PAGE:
Pes cavus, cavovarus, or high-arch foot are all descriptive terms used to describe a foot in which the arch is higher than typical population norms. It is the opposite of pes planus, or flatfoot, in which the foot has little or no arch. Sometimes a cavus foot, just like a flatfoot, can be problematic. However, the problems seen with cavus feet are generally different, and in some ways, opposite of the problems seen with flat feet.
Severely cavus feet may not fit into shoes very well because of their shape. They can seemingly toe-in when walking. They may appear to have a humpback deformity with 'bossing' on top of the foot that can become painful from shoe pressure where the laces tie across the foot.
A cavus foot is less flexible than a flatfoot. For this reason, during walking, cavus feet do not absorb shock as well. Due to this stiffness and rigidity, a cavus foot is more prone to arthritic changes in the midfoot and hindfoot. These arthritic changes may cause the bone to remodel and grow spurs (osteophytes), which can exacerbate the painful pressure and bossing on top of the foot. The arthritic changes may also cause achiness in the arch and the midfoot after a long day of standing or walking. This lack of flexibility and shock absorption may also predispose to other foot conditions such as plantar fasciitis related heel pain (see section on plantar fasciitis).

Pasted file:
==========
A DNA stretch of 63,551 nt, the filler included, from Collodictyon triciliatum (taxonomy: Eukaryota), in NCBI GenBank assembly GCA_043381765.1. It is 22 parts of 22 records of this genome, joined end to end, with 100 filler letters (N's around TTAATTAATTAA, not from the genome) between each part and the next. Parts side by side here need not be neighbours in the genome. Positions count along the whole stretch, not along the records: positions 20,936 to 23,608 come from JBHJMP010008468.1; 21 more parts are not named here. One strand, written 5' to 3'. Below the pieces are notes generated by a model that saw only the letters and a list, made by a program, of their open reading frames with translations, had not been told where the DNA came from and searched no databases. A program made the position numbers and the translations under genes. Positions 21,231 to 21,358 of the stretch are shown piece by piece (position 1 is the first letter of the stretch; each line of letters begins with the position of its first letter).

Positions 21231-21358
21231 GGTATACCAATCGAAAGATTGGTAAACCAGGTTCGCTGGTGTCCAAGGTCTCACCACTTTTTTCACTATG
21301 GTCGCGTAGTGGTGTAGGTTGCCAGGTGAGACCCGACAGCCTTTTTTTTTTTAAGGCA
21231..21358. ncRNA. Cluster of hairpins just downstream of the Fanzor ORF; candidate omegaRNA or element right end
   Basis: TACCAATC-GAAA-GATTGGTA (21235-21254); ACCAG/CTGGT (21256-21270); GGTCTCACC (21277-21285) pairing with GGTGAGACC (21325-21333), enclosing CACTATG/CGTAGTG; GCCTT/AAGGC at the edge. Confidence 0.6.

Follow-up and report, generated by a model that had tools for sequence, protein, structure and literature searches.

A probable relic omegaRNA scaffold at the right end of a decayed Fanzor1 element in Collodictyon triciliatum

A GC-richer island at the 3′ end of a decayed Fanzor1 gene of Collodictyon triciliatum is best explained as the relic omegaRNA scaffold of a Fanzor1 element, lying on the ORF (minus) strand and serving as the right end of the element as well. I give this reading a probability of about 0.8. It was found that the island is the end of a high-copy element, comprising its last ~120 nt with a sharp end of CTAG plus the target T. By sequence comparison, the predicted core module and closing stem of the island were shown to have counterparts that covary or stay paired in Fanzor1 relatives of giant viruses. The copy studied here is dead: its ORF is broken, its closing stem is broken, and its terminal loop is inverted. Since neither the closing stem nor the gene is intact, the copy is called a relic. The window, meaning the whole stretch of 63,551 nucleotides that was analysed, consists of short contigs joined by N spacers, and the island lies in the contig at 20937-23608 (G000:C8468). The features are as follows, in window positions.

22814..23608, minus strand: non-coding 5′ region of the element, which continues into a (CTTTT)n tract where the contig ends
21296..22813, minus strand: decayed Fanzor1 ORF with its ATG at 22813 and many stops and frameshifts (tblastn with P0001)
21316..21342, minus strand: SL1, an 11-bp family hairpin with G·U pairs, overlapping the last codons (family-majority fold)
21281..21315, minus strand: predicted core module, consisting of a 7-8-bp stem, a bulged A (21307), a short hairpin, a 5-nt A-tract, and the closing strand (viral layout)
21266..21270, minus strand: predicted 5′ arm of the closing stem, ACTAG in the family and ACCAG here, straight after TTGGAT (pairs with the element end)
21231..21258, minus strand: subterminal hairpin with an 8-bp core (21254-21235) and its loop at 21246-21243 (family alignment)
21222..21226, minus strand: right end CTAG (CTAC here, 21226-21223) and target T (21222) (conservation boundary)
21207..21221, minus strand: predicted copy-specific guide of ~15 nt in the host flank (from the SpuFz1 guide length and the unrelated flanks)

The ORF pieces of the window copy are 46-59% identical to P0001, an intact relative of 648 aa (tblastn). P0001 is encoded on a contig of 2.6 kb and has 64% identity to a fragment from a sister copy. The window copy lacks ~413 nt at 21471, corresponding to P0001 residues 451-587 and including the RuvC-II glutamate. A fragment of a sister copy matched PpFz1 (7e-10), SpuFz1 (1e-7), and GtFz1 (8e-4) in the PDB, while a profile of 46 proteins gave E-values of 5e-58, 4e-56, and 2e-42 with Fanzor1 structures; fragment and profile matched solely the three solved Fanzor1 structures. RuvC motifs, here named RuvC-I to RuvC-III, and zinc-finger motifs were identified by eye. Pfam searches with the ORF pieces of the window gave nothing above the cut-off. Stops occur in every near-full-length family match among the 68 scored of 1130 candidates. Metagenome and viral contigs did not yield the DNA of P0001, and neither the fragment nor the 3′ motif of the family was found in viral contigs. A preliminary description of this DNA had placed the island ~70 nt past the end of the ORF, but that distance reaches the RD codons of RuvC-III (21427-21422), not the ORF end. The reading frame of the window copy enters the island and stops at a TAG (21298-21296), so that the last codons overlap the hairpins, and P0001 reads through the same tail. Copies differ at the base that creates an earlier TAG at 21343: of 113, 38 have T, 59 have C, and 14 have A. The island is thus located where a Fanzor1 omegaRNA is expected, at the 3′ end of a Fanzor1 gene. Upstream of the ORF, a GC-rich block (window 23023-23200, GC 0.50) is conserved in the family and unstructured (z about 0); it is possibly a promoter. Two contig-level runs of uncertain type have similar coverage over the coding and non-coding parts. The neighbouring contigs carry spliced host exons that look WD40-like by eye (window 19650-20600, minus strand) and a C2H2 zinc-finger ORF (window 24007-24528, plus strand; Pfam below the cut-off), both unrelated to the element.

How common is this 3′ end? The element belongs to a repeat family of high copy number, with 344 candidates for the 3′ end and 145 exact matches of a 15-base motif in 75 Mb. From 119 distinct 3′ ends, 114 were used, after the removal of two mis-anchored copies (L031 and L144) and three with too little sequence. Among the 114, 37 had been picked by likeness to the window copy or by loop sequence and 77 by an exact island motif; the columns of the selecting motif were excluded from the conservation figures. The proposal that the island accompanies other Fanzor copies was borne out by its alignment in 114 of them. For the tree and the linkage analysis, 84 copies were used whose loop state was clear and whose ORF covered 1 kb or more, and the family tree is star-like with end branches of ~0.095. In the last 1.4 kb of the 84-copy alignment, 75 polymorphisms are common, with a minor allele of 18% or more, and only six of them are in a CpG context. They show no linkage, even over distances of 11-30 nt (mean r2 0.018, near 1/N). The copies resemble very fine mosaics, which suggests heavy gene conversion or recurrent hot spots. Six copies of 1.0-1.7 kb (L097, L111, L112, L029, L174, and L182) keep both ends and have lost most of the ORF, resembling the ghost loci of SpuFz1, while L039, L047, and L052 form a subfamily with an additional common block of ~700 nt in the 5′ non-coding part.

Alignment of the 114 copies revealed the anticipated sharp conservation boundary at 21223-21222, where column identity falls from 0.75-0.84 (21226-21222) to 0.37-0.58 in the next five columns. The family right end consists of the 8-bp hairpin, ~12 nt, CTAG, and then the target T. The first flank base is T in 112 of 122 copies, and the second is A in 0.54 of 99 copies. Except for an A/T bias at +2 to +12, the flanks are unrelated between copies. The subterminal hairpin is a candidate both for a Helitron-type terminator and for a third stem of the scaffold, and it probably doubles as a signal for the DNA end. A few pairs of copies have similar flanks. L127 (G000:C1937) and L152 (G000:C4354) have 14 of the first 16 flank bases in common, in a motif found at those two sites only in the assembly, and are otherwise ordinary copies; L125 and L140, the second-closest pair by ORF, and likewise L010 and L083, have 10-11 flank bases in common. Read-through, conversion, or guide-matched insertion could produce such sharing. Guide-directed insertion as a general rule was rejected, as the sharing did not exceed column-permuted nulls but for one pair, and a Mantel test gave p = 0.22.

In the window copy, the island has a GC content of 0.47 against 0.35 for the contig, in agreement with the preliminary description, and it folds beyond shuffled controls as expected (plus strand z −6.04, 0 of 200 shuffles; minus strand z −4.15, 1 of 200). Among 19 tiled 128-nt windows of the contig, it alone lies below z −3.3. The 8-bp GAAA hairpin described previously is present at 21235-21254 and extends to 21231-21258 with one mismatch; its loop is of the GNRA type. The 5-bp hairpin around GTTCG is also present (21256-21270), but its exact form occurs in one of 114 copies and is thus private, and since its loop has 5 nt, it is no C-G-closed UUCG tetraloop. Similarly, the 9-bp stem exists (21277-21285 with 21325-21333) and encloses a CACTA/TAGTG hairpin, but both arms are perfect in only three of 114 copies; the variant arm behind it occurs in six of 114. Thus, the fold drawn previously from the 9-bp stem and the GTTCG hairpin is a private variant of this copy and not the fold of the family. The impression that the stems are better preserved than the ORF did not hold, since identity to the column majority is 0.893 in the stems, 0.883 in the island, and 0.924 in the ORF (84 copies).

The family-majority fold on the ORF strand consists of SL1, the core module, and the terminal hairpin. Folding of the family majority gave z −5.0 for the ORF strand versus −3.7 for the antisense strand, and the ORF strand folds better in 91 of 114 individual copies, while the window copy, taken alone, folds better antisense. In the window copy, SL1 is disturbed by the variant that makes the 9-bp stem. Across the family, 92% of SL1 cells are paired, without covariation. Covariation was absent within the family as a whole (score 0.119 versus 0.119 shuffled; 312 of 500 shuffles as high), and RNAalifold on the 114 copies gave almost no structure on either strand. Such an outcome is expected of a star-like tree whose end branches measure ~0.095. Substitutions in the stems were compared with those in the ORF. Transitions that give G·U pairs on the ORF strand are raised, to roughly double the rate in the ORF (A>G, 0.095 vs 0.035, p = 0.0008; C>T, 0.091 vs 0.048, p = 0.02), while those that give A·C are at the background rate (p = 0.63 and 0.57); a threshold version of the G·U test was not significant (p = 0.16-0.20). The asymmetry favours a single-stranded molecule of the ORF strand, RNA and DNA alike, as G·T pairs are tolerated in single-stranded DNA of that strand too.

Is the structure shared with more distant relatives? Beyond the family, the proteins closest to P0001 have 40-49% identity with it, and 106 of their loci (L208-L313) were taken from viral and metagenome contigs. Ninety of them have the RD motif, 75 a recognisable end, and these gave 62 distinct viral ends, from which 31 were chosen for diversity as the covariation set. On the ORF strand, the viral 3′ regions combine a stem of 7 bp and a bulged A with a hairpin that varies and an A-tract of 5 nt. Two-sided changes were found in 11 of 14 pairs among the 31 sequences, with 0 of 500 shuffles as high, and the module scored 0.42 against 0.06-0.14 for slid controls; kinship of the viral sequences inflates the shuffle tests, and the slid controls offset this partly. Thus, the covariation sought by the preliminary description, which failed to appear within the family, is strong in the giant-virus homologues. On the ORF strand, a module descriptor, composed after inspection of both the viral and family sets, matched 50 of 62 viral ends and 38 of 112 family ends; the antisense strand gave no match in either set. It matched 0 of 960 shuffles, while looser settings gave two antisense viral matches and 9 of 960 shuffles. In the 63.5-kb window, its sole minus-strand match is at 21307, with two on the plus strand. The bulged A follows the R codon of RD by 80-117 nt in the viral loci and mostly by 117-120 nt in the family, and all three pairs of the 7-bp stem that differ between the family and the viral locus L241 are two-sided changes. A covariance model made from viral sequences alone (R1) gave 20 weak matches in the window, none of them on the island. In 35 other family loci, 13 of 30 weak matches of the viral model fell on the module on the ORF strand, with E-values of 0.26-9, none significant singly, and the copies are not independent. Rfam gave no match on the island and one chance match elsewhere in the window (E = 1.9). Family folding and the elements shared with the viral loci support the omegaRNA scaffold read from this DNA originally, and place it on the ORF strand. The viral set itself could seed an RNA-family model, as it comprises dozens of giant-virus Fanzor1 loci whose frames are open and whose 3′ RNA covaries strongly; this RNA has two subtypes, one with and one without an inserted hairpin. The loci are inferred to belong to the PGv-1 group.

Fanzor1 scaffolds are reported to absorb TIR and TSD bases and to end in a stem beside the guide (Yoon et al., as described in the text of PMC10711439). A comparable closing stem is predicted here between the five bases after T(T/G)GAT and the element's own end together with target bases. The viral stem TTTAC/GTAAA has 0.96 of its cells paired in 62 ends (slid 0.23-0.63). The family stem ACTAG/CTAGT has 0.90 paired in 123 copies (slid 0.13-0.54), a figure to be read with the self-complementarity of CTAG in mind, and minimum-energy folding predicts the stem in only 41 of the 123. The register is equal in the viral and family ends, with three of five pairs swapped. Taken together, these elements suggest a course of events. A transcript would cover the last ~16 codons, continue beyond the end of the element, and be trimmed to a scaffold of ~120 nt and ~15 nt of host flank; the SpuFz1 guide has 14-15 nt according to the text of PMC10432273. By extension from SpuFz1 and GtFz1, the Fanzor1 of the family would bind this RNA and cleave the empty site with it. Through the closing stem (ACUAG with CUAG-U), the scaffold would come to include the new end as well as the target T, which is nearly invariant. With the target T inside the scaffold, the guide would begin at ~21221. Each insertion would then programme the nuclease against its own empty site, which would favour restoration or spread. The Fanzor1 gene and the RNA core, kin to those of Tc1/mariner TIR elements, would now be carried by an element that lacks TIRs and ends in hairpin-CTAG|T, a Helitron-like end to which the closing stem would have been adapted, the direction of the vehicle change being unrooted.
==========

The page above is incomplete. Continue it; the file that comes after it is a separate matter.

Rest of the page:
Patients with cavus feet can also present with symptoms of lateral ankle instability (see section on ankle sprains). Ankle instability is a diagnosis in which patients have recurrent ankle sprains, or the feeling that their ankle is unstable or will give way. The causes of ankle instability are variable but may be influenced by foot shape. Patients with cavus feet tend to walk on the outer border of the sole (lateral column) or the side of the foot. Based on laws of physics, walking on the outside of the foot puts tension on the lateral soft tissue restraints and renders these individuals more prone to 'rolling' the ankle, and experience an ankle sprain. Severe ankle sprains can lead to permanent damage of the lateral ligaments and tendons, which leads to even more sprains or further instability. This can become a cycle leading to increased sprain frequency and increased ankle damage such as anterior talofibular ligament (ATFL) tears, peroneal tendon tears, and cartilage damage (osteochondral defects).
Even in patients with cavus feet who don’t experience severe sprains or instability, the peroneal tendons (see section on peroneal tendons), which serve to stabilize the ankle, may become overworked or injured. As the patient walks on the outer sole of the foot, the peroneal tendons work to stabilize the foot and keep it from rolling in and preventing sprains. This can lead to soreness, tendonitis, or painful spasm of the tendons and sometimes peroneal tendon tears. Often times, in order to successfully repair peroneal tendon damage, the cavus shape of the foot must be addressed simultaneously.